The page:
The Laird people were great, but they were as puzzled as I was. In 2007 I replaced all the sheets with new ones.
But by this spring however, all of those (except for the end ones) had shown the curious marks and deformation again. I was pretty desperate by this time and this was one of the reasons the project was dragging a bit.
One morning about two months ago I was out waiting for the array to swing east to catch the morning sun. This is what I saw.
The array does take a while to swing the entire 100 degrees from west to east, about 1/2 hour, since I have the RED ROCK sensor turned to a very low duty cycle to conserve battery power. At the time of the picture, the reflectors have not yet pointed at the sun.
Notice in the picture that each reflector throws light on the reflector in front of it, except that is, for the one at the very end! The light is not focussed well since the reflector ahead is far out of the focus, but it is a good blast of concentrated light nonetheless. It also has hot spots if the reflector causing the beam is already somewhat distorted.
I put my hand on the back of one of the reflectors at a hot spot. It felt uncomfortably warm. Could it be that this was the cause of the streaking marks and distortion deterioration?
I'd imagined a few different solutions to this problem. I decided first to replace a number of the mirrors (I had five spares left over from last year's batch) but this time before mounting I painted the entire backs of these new mirrors with bright white acrylic paint. Three coats in all.
I'm hoping that the white paint will dissipate most of the unfocused light (heat) from the adjacent reflector. I've installed these new mirrors with the painted backs about a month ago at the west end of the array and I am watching them closely.
This picture is of one of the new, white-coated mirrors receiving its daily blast of light from the one beside it as the array tracks from west to east in the morning.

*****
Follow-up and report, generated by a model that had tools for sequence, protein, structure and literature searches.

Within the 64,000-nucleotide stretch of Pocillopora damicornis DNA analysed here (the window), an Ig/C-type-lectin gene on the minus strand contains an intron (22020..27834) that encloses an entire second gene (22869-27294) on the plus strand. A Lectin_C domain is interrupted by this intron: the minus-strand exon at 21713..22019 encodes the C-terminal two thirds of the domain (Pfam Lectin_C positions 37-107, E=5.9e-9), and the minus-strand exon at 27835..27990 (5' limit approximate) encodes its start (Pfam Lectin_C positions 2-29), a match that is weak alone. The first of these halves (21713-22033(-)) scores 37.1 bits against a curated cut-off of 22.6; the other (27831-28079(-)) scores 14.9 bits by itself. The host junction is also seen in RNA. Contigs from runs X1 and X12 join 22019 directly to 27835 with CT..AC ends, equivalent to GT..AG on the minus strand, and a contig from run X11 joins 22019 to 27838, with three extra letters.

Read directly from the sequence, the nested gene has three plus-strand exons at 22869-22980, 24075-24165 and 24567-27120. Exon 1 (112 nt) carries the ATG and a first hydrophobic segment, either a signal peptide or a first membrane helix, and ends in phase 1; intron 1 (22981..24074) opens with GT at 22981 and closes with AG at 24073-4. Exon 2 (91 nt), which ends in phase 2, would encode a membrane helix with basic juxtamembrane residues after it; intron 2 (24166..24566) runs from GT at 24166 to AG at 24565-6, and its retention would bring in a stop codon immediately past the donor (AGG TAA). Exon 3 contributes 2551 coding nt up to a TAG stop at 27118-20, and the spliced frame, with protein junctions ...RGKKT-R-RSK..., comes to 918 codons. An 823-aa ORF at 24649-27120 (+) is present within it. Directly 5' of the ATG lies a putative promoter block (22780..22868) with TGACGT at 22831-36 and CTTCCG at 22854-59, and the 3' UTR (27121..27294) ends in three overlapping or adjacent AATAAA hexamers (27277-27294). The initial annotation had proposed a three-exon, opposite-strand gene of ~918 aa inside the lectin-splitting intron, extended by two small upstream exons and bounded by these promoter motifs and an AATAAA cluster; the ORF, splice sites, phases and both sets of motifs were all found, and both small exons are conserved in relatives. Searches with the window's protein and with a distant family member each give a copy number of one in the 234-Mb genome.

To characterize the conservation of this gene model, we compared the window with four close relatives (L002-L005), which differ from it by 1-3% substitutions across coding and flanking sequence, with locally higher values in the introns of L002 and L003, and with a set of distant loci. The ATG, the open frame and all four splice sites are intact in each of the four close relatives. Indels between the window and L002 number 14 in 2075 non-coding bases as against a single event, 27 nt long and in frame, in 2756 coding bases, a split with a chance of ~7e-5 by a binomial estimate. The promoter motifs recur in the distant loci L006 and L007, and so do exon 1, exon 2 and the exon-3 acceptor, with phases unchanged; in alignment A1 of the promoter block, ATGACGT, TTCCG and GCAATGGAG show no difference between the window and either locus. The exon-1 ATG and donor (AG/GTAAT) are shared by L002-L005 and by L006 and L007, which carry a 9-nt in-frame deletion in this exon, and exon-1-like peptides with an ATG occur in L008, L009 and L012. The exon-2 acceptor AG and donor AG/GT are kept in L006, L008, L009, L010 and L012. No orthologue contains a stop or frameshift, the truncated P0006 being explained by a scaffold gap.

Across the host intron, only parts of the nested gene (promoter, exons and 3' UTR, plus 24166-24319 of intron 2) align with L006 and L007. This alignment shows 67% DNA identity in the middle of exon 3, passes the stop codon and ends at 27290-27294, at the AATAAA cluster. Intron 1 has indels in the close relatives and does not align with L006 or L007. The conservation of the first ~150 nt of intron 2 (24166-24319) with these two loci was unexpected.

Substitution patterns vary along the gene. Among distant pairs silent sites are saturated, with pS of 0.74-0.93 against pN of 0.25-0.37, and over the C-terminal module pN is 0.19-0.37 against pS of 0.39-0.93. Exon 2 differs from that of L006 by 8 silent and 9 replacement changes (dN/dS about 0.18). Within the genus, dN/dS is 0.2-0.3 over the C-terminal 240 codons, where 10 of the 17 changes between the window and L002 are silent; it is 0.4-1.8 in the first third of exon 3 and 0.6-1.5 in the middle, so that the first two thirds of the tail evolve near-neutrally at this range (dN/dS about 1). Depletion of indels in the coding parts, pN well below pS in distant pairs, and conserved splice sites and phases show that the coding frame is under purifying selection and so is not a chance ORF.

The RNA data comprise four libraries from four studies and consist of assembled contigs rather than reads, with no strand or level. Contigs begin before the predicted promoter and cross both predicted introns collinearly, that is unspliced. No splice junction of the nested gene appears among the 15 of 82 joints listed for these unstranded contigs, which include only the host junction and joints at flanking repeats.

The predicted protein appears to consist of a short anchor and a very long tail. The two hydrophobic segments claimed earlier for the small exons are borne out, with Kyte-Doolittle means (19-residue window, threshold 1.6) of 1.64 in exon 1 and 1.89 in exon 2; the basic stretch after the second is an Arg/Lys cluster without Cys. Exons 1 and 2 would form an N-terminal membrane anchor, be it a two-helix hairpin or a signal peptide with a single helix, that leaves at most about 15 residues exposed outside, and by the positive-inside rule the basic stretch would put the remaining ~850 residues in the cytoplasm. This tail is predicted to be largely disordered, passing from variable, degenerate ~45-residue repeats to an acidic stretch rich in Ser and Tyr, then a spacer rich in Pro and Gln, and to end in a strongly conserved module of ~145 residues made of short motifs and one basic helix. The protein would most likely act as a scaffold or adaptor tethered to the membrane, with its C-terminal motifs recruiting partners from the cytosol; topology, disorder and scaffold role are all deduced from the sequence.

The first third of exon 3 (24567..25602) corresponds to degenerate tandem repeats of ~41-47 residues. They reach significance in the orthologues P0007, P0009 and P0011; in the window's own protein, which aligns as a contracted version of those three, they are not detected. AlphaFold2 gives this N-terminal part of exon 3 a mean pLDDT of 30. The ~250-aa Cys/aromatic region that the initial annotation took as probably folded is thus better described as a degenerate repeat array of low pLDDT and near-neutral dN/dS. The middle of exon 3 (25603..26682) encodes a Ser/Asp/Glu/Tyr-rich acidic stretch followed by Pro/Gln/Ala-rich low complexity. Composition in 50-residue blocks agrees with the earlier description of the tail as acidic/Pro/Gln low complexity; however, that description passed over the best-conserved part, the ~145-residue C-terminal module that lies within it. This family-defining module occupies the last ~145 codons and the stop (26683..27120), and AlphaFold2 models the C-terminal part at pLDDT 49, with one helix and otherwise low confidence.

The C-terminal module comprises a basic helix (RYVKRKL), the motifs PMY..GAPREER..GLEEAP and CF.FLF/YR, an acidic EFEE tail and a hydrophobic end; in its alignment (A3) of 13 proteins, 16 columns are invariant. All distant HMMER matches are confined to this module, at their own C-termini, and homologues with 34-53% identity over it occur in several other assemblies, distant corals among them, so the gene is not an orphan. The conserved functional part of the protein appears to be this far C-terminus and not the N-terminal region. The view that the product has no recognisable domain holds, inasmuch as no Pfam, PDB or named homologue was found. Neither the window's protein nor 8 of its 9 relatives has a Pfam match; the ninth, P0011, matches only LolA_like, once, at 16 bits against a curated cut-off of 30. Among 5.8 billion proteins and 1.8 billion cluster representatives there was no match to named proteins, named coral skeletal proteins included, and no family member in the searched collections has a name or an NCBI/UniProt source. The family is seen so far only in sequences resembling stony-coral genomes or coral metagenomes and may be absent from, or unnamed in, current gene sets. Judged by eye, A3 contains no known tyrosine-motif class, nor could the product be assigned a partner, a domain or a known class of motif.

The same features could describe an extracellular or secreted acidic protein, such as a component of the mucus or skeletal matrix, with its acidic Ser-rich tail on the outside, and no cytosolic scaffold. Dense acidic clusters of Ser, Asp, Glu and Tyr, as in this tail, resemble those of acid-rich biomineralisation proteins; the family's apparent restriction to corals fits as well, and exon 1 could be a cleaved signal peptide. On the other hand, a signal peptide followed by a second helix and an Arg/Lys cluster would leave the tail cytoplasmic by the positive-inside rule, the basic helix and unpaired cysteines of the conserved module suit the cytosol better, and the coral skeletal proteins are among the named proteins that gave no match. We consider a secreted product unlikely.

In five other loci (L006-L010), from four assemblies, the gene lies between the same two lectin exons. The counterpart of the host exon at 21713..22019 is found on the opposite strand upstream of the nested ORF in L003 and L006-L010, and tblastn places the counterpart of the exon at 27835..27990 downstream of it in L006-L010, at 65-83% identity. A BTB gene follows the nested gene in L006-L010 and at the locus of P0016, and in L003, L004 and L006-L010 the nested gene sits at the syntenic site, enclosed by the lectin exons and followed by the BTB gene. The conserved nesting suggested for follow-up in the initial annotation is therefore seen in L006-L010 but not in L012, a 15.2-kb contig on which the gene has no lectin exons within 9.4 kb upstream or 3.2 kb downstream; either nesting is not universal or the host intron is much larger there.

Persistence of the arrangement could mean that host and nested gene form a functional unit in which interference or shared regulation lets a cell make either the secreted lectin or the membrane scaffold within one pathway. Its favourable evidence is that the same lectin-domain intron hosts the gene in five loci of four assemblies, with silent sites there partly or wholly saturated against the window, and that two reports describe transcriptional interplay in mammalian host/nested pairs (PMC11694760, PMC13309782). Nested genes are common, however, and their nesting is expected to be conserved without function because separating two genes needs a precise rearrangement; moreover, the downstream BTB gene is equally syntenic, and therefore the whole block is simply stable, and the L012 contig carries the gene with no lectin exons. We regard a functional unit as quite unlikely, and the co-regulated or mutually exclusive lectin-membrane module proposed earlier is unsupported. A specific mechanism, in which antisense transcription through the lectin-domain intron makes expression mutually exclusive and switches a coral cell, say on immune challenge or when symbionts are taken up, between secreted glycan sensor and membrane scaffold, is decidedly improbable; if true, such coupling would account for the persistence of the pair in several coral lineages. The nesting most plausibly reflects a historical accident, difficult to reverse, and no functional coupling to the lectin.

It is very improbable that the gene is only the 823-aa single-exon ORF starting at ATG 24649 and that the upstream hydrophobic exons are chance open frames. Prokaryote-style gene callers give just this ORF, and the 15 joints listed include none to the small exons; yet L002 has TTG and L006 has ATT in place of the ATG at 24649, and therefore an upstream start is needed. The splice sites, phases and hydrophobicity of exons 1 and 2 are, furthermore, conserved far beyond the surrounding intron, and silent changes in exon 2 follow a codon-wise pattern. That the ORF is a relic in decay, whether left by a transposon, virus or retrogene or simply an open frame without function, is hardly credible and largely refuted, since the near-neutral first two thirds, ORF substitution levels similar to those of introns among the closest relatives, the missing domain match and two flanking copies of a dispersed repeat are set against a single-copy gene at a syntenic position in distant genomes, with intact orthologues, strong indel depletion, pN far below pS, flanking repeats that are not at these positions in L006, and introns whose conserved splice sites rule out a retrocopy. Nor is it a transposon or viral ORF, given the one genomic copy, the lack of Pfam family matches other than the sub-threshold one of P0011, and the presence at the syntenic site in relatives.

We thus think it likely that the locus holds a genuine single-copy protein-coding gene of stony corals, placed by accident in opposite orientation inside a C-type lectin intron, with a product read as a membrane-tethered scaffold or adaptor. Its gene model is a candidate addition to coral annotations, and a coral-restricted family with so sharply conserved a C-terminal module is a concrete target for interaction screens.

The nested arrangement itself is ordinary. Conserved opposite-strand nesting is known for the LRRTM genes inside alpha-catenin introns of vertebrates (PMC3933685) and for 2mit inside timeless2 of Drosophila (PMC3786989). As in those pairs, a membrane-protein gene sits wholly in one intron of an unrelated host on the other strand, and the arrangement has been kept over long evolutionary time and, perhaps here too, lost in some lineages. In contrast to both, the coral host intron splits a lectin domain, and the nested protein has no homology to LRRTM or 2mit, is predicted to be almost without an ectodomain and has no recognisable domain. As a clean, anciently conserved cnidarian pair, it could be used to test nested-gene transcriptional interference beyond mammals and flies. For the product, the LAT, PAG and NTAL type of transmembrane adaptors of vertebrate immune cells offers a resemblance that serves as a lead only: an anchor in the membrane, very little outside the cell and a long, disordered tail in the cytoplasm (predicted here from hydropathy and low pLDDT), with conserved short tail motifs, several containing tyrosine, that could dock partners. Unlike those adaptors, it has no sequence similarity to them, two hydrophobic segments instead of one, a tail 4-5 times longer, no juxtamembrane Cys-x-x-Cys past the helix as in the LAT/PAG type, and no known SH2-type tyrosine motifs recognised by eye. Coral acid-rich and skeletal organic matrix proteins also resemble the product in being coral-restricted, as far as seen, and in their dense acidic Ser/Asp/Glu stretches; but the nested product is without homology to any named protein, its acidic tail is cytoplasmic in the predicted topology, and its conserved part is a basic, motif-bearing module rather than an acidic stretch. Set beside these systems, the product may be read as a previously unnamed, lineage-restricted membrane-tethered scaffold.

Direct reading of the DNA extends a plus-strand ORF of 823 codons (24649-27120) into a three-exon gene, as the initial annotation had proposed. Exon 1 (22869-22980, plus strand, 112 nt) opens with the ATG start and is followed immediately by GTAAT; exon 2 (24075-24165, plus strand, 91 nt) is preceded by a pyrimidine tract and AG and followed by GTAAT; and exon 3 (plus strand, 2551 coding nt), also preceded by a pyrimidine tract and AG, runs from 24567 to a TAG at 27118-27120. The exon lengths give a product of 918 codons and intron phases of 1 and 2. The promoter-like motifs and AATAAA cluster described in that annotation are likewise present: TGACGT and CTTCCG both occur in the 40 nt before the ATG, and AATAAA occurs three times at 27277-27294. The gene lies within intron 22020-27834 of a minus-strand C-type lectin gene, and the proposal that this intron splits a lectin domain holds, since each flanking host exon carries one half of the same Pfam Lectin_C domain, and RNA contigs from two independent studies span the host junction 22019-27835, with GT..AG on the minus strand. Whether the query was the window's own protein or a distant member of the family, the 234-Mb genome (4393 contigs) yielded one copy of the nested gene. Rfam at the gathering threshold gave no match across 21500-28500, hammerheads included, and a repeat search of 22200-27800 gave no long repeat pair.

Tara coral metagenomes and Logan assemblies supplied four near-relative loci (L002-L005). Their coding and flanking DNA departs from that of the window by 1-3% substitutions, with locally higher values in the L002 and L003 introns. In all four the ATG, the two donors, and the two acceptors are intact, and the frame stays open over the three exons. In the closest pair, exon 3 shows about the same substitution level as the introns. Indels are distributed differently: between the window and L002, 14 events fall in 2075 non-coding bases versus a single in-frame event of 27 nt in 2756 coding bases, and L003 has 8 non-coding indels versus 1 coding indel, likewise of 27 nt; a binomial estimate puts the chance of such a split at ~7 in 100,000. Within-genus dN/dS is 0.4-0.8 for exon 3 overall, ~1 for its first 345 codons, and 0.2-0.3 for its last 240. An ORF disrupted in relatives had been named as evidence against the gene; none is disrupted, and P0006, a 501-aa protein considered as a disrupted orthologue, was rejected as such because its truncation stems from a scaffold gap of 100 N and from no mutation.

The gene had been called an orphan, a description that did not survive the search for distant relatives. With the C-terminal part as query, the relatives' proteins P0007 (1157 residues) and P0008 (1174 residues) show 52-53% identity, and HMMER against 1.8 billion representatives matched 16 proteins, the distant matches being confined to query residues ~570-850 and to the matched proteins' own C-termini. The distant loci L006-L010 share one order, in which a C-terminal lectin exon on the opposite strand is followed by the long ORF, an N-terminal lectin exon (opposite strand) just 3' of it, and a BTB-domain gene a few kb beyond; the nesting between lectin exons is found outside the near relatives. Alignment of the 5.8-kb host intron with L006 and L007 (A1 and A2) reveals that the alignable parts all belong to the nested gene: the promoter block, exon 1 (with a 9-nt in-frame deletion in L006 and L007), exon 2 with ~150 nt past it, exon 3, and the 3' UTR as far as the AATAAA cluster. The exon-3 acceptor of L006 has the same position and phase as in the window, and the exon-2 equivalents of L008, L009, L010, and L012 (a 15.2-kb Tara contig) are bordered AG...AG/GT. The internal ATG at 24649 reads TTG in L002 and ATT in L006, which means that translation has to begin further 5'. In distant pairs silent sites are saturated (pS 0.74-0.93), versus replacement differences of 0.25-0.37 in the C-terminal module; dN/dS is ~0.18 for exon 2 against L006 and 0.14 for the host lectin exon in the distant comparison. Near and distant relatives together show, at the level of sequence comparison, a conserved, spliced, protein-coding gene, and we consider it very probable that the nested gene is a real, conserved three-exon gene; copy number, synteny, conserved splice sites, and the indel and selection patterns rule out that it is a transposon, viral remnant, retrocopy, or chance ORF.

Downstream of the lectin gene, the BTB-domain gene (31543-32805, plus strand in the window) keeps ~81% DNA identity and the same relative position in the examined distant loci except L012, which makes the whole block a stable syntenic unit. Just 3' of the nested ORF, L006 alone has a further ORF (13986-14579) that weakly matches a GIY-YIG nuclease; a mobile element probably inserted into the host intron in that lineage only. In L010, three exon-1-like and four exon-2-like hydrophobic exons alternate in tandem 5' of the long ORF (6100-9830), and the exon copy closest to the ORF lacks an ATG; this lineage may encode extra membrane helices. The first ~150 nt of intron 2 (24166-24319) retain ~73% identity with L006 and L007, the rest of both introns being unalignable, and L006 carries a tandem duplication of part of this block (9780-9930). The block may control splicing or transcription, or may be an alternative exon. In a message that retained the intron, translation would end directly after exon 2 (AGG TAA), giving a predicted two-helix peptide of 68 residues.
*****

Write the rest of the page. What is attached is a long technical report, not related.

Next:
So far, none of the new mirrors have shown the marks or deformation.
As a test of my theory, I blasted the back of one of the mirrors that I had removed with a heat gun for quite a few minutes, long enough for it to get too hot to touch. No deformation or marks formed. That was a bit disappointing. Perhaps the effect comes about because of radiant heat as opposed to convection heat? Another experiment to try is to blast the back of a mirror with a magnifying glass aimed at the sun. I will do this shortly.
I'd mentioned other possible solutions. One is to use another type of reflective sheet . Another is to speed up the solar sensor so that the array sweeps from west to east more quickly. Another is to "park" the array in the vertical position, rather than leaving it at the west. In this position, no light would hit the back of any of the reflectors.
However, if the white paint on the backs solves the problem, then none of these will be necessary.
Incidentally, I had left the array parked facing east this winter, thinking that the snow load would be shed more easily if it was off to one side. The east direction was really arbitrary. This may explain the huge predominance of the marks on the west sides of the reflectors. These ends were sticking up in the air receiving the periodic blasts of light on the few days that it was sunny. The array had been parked this way for about six months. This winter I will park them horizontally, for sure.
Thanks for your continued interest in my project.